Dairy farmers must avoid making damaging changes to their businesses as a knee-jerk reaction to the prolonged price downturn, consultants have warned.
Only those who were rational, resilient and who budgeted to do business in an industry that was resetting its base would survive the current volatility, said John Allen of Kite Consulting.
“Remain rational in the knowledge that things are going to change,” he told producers at AHDB’s Welsh Dairy conference.
“Be careful not to do things that will damage your business. In the case of a high-output farm, this could be cutting back on feed and damaging future productivity.
“Instead, work out what must be done to get through the next period before prices improve, whether that is six months, 12 months or longer.
“In the current climate there is a tendency for a lot of farmers to veer towards a mindset that this downward cycle is never going to end. This is unhealthy and destructive. A rational person will understand that markets turn.
“A resilient person doesn’t look for someone to blame, they don’t see themselves as a victim. They will look at ways to improve on what they are doing.’’
“We are in an industry that is resetting. As long as feed prices remain in the region of £160-£180/t, we are unlikely to see milk prices of 30p/litre plus.”
With feed and oil prices at current levels, farmers should be in a position to make a return from 25-27p/litre when budgeting for improved milk prices, Mr Allen suggested.
Dairy farming businesses must also plan how to recover lost net worth when milk prices rise again.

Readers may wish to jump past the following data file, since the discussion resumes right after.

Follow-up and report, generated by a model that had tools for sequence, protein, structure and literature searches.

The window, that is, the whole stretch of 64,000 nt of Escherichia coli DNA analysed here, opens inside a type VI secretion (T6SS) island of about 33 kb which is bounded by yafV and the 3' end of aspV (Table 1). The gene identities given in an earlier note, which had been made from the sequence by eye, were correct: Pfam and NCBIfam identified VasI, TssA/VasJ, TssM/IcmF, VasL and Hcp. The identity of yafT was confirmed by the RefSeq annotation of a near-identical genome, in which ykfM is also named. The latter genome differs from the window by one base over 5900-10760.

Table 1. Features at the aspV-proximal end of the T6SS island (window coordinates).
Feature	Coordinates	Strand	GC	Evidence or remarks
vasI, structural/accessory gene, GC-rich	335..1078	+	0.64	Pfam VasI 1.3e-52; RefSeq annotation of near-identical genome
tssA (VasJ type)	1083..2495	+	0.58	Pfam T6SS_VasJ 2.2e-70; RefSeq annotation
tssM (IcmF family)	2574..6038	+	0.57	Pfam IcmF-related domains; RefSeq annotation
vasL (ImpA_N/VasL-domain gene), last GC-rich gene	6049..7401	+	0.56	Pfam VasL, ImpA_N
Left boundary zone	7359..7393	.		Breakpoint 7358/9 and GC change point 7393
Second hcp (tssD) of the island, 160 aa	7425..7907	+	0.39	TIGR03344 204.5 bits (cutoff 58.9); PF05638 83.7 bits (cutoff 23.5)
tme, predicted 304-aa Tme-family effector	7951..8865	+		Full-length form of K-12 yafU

Referencing a new business scorecard that Kite Consulting has developed to pinpoint risk areas within a dairy farming business, Mr Allen said one of those threats was net worth change as a percentage of net worth.
“A business with a net worth of £1,000,000 that is projected to lose £100,000 of balance sheet value in the year will experience a projected net worth decline of 10%, in effect the business will lose 10% of its value within 12 months of trading.
“Taking into account future milk prices, a business must establish if that decline in value can be recovered or if the downward trend will continue.’’
A good business could stand that sort of risk because it would recover that value in an upturn and add more value too, said Mr Allen. “However you have got to be sure you can recover it – you can’t take too many years of balance-sheet burn.”
Other risk factors include the break-even milk price – the price required to cover all costs including depreciation, drawings and tax – and the existing supply contract.
The scorecard ranks farmers with dedicated supply contracts in the strongest position with those without contracts at the highest risk.